The Metropolitan Museum of Art, Civic Practice Partnership Artist-in-Residence, Miguel Luciano, is having a party and we’re all invited! The block party is a celebration of his new exhibition, on view at Hope Community Inc.’s Galeria del Barrio, and it is also a celebration of the culmination of Luciano’s there-year residency at The Met.
Throughout this residency, Luciano engaged with the Museum’s archives and collection, foregrounding historic connections between the Museum and East Harlem and exploring the deep activist history of the neighborhood and community. A centerpiece of the exhibition is a sculptural bronze replica of the Taíno Zemí Cohoba Stand (A.D. 974–1027), from The Met’s Arts of the Ancient Americas collection, which Luciano created to present this iconic image of ancestral Caribbean art to the community.
Luciano’s work pays homage to the activist history of East Harlem, which challenged institutions to become more inclusive and responsive, while he underscores the need for this work to continue today.
“The Civic Practice Partnership continues to be a significant way The Met can support lasting, relevant, and vital partnerships with artists and communities around New York City,” said Heidi Holder, the Museum’s Frederick P. and Sandra P. Rose Chair of Education. “Miguel Luciano’s Cemí-Libre pushes the boundaries of creative practice and research at the Museum to connect directly and deeply with the people of East Harlem. We are grateful to partner with Hope Community, Inc. in mounting this exhibition at Galería del Barrio. In many ways, Cemí-Libre liberates and provokes us all to think about the ways in which objects and museums interact with histories and communities. It’s thrilling to see Luciano share his work with East Harlem and to witness the ambitious fruits of his residency.”
Suhaly Bautista-Carolina, The Met’s Senior Managing Educator of Audience Development and Engagement, commented, “Luciano’s practice invites us to experience The Met’s art, narratives, and archives through a community-centric lens, one that redirects our attention to the People with a capital ‘P’ and amplifies the work, stories, and impact of community artists, creators, and elders. His residency blazes a path for future socially engaged artists to lead in the critical, urgent, and transformative work of prioritizing diverse perspectives.”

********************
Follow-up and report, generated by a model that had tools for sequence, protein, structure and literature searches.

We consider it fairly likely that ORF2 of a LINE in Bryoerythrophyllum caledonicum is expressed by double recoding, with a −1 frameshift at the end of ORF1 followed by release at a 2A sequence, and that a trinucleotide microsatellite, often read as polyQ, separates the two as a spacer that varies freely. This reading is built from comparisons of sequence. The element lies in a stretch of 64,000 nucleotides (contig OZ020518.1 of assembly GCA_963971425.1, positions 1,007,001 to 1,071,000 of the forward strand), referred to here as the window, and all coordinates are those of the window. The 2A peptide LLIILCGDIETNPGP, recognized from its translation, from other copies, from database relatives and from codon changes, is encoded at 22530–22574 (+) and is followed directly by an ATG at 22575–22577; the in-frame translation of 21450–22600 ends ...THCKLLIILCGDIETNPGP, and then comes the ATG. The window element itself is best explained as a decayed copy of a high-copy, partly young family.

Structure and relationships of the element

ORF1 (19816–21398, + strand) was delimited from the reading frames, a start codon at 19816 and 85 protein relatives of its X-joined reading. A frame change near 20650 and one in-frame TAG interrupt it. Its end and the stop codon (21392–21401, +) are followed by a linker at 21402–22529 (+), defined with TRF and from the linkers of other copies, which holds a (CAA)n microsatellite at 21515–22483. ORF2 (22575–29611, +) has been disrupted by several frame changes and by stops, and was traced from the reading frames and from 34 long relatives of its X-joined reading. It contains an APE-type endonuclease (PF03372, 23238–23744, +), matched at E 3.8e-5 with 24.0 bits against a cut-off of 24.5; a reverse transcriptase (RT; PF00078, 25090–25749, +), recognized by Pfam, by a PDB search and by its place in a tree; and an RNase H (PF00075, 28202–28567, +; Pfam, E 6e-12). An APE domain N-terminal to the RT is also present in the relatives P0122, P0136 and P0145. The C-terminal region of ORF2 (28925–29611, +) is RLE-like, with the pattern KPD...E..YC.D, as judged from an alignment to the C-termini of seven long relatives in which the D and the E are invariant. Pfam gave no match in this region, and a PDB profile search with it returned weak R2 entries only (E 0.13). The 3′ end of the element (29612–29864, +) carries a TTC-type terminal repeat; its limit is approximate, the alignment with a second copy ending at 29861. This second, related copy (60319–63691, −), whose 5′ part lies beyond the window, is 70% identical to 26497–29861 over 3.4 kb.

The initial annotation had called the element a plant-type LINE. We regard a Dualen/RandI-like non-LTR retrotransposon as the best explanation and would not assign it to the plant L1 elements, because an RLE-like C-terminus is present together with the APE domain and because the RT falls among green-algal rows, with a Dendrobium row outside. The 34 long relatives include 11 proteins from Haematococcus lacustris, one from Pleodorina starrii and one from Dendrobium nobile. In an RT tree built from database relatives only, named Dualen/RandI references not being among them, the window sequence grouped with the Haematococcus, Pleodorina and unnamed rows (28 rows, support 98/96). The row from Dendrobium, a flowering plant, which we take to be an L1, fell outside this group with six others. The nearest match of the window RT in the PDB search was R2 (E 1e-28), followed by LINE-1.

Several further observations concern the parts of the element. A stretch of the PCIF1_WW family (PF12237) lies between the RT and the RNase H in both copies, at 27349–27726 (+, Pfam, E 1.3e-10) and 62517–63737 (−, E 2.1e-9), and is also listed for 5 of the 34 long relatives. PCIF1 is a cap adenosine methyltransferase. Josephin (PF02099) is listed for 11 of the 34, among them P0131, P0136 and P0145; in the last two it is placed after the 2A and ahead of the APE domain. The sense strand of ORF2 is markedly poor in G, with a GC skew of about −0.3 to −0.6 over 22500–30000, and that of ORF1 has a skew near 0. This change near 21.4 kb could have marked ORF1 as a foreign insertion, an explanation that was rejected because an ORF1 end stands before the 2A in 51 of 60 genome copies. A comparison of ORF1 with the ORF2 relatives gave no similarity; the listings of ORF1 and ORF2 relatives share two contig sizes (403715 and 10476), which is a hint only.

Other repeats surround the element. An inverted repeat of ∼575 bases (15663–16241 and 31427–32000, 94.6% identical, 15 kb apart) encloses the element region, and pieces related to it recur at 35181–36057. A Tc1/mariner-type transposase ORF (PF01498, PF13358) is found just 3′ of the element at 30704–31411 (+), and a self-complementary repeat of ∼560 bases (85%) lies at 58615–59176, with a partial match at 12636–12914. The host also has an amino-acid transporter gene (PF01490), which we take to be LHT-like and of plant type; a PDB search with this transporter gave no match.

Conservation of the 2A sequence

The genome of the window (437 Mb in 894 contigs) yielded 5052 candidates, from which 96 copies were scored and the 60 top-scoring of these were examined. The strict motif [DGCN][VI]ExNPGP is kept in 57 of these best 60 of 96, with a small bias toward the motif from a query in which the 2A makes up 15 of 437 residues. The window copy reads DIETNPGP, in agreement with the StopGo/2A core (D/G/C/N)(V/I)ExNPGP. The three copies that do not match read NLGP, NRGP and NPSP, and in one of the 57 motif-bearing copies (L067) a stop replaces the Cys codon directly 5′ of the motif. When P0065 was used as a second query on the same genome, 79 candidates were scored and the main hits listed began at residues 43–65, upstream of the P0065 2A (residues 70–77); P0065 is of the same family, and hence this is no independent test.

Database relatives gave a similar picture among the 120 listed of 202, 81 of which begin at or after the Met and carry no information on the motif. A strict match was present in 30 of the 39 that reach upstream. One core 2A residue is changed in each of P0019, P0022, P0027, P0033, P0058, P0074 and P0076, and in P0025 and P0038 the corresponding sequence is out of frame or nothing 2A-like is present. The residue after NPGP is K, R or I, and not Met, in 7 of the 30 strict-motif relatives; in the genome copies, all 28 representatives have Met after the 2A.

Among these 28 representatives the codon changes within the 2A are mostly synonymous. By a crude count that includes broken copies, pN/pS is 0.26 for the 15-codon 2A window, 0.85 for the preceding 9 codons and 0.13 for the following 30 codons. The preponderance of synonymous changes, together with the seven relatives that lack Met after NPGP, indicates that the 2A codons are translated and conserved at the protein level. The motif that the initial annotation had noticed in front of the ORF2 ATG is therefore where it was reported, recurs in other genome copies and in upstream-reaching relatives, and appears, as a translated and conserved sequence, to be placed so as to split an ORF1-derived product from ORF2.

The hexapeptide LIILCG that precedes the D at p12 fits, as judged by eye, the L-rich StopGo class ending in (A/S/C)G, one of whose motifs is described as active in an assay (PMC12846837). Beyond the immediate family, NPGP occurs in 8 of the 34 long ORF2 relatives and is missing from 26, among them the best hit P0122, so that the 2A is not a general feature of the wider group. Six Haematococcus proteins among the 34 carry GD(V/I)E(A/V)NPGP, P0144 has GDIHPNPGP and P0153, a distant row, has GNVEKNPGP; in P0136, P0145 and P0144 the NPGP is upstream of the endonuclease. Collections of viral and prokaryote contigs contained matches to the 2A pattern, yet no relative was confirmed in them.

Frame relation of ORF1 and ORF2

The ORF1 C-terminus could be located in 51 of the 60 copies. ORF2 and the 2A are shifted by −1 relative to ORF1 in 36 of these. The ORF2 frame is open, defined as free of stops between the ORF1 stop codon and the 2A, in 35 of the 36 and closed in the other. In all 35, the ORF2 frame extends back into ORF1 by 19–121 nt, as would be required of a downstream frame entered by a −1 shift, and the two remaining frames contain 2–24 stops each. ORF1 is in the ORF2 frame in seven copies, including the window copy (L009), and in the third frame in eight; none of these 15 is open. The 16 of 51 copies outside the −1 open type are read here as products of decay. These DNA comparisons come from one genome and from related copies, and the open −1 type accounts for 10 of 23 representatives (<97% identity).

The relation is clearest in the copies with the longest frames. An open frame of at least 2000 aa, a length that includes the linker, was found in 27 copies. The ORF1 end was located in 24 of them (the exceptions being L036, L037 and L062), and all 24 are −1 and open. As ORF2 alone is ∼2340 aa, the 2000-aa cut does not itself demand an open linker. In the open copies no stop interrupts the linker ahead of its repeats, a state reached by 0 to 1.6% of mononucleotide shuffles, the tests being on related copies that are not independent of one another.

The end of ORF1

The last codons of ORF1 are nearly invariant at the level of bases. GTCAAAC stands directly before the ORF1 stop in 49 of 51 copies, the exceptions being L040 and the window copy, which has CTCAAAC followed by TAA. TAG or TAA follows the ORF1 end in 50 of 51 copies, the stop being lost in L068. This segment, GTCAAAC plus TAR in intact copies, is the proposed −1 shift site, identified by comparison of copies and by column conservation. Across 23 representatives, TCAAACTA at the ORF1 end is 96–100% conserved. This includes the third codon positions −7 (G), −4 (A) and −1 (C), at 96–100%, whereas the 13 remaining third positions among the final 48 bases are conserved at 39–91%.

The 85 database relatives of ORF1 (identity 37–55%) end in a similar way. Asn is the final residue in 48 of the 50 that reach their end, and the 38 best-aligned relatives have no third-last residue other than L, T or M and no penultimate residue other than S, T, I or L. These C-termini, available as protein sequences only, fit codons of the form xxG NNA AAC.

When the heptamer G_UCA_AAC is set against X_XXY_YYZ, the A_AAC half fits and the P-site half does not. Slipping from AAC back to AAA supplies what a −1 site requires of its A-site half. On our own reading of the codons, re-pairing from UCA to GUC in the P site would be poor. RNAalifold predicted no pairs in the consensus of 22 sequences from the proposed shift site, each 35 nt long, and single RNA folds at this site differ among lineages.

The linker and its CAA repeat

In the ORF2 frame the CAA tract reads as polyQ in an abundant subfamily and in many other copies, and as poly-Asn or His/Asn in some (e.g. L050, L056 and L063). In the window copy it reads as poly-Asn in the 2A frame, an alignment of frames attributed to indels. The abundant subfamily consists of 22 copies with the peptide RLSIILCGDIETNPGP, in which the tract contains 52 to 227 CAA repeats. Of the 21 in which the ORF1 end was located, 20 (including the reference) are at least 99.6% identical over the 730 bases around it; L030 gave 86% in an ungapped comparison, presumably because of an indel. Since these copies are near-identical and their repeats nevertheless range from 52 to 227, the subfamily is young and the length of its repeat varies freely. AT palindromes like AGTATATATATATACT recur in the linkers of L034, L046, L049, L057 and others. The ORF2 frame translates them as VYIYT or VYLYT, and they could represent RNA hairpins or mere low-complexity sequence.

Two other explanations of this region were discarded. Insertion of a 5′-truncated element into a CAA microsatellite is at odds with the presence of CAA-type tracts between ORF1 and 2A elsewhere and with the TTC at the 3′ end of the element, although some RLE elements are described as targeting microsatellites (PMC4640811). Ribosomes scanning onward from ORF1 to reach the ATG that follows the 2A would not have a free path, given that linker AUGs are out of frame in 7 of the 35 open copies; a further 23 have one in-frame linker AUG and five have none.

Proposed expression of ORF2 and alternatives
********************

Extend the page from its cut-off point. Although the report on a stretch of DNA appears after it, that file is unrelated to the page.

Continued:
“The Civic Practice Partnership has been a unique opportunity for artists to leverage the resources of the institution in service of the communities we represent,” said Luciano. “I am honored to be sharing this culminating work in East Harlem and celebrating with the community that inspired it.”
Cemí-Libre follows extensive research that Miguel Luciano (born Puerto Rico, 1972) conducted on The Met’s 1973 exhibition The Art Heritage of Puerto Rico: Pre-Colombian to Present, which was a collaboration with El Museo del Barrio and the first major survey of Puerto Rican art in a U.S. museum. Cemí-Libre also follows the public art project Mapping Resistance: The Young Lords in El Barrio (2019), in which Luciano placed billboard-size historic photographs by Hiram Maristany (the official photographer of the Young Lords) in the exact East Harlem locations where the actions and events occurred 50 years prior. The exhibition Cemí-Libre will be open through August 8, 2021, and will culminate Luciano’s Civic Practice Partnership Artistic Residency, which began in 2018.
Miguel Luciano: Cemi-Libre Block Party Celebration will be held on Saturday, July 31st from 2:00 to 6:00pm on East 104th Street between Third Avenue and Lexington Avenue in East Harlem.
The exhibition is on view from July 23 through August 8, 2021 at Galeria del Barrio, 162 1/2 East 104th Street. The Galeria is open daily from 11am to 7pm.
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Just for fun, we thought we would include another of the artists’ creations ~ a mobil public art project, Pimp My Piragua (image above), a piece that commemorates the innovations of Latino street vendors. We spotted it a few years ago in the lobby of Lenfest Center for the Arts at Columbia University.
Check to see what else is going on in East Harlem. Visit the historic La Marqueta.